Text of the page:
Grandview Elementary: Together We Are Stronger

Arts Education, Language Arts, Science, Social Studies

School: Grandview Elementary School

Teacher: Trish Musselle

Artist Collaborators: Gordon Cobb

Class: Grade 2/3



For this project, students had the opportunity to write, perform, and record a song/video as a class about how the values of cooperation, acceptance, generosity, compassion and responsibility tie them to the larger global community. The students worked with artist collaborator Gordon Cobb.

Relying on student-centred dialogue and collaboration, this project facilitated an open-minded learning culture by incorporating each student’s voice into their writing/music/performance. An open-minded learning culture relies on cooperation, acceptance, and a safe learning environment where students feel they can be themselves and therefore take risks with their thinking and growing perspectives on the world.


Connection to the Vancouver Biennale Exhibition

The Vancouver Biennale’s Virtual Tours were used to view previous exhibitions.The first piece chosen was Ai Weiwei’s “F Grass” which is meant to promote resilience and perseverance. Weiwei is from China, a country known for communism. His message is that citizens have the power to create social change and be as “resilient” as grass. Many of the students in the class could relate to this statement, as three of the students’ families engaged in a “sit-in” where they occupied a governmental office to campaign for Aboriginal rights. The students connected to the piece very strongly.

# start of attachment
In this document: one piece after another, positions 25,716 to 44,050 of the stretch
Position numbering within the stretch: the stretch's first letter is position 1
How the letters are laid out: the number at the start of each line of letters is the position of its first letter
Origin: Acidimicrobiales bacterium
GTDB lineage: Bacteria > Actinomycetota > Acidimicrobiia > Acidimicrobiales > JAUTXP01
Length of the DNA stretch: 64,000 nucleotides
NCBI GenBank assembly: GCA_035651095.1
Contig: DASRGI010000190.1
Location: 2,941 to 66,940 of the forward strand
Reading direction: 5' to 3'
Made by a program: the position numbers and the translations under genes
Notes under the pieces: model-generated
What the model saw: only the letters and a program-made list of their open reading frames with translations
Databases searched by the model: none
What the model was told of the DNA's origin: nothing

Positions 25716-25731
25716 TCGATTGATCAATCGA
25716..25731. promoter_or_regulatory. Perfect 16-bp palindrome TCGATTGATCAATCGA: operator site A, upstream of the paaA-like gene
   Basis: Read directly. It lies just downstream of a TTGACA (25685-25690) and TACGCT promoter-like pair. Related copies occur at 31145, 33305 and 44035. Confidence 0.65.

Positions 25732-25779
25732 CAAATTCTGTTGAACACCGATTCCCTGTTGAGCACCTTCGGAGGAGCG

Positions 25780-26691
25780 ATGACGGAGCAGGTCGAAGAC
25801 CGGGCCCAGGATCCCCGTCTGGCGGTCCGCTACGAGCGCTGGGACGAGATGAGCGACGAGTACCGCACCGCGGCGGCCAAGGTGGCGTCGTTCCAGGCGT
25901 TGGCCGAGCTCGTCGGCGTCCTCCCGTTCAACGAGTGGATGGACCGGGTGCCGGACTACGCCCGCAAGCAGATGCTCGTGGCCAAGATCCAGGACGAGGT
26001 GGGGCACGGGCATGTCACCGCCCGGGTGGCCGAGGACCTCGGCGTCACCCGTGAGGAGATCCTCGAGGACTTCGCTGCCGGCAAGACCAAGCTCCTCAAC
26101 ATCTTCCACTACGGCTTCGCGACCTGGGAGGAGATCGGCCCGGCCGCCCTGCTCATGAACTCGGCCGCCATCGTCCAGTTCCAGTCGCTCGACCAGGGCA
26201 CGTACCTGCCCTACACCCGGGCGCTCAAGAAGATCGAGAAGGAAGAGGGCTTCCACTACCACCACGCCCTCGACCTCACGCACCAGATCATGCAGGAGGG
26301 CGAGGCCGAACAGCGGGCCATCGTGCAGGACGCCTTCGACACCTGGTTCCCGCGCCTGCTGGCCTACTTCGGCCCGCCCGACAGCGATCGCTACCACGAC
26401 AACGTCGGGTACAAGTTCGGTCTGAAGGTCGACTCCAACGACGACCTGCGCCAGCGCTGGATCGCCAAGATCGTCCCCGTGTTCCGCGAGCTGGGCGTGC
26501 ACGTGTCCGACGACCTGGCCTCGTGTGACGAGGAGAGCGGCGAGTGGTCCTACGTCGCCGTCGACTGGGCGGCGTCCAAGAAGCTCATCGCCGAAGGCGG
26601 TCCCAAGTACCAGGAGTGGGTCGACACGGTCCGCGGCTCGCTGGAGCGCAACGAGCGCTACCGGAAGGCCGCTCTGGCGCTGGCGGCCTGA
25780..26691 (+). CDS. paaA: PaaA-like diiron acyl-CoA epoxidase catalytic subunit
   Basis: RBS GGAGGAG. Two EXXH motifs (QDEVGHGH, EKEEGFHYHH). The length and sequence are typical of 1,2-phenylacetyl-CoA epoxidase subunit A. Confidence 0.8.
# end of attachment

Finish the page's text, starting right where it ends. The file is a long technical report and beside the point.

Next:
The second piece students looked at was Vik Muniz’ “Untitled (Wolf)” which is in Squamish. As soon as Cobb played the virtual tour video of the piece, the students were amazed. Muniz’ piece is a “grand scale land mosaic” that used natural materials, such as rocks and moss, to create a picture. The piece is intended to eventually become one with the earth as the natural materials will eventually take over. Made with input from the Squamish Nation elders, the elders chose a wolf since it represents “collaboration and unity: values that Muniz felt represented the community of Squamish and the process of the project itself.” Trish asked the students if any of them had connections to the Squamish Nation, such as family/friends, and many of them did.



  • Gr. 2 Language Arts: Listening and speaking helps us to explore, share, and develop our ideas. Using language in creative and playful ways helps us to understand how language works.

  • Gr. 3 Social Studies: People from diverse cultures and societies share common experiences and aspects of life.

Guiding Questions

  • How does the artwork/music that we make represent the many faces of our class?
  • How do people’s beliefs, values, worldviews, and experiences shape our different perspectives on people, places, and local/global issues? How does this drive our feelings of cooperation and acceptance?

Cross-Curricular Access

Social Studies:

  •  Sequence objects, images, and events, and explain why some aspects change and others stay the same (continuity and change).
  • Consider relationships between humans and their environments.
  • Local actions have global consequences, and global actions have local consequences.


  • Living things have life cycles adapted to their environment.
  • First Peoples use of their knowledge of life cycles
  • Living things are diverse, can be grouped, and interact in their ecosystems.
  • Biodiversity in the local environment

Language Arts:

  • Reading literary texts and writing meaningful personal texts.
  • Read stories that help us learn about ourselves, our families, and our communities.
  •  Explore the elements of what makes a story – character, theme, setting.
  • Plan and create a variety of communication forms for different purposes and audiences.
  • Have students record their own stories or the story of an imaginary character through writing.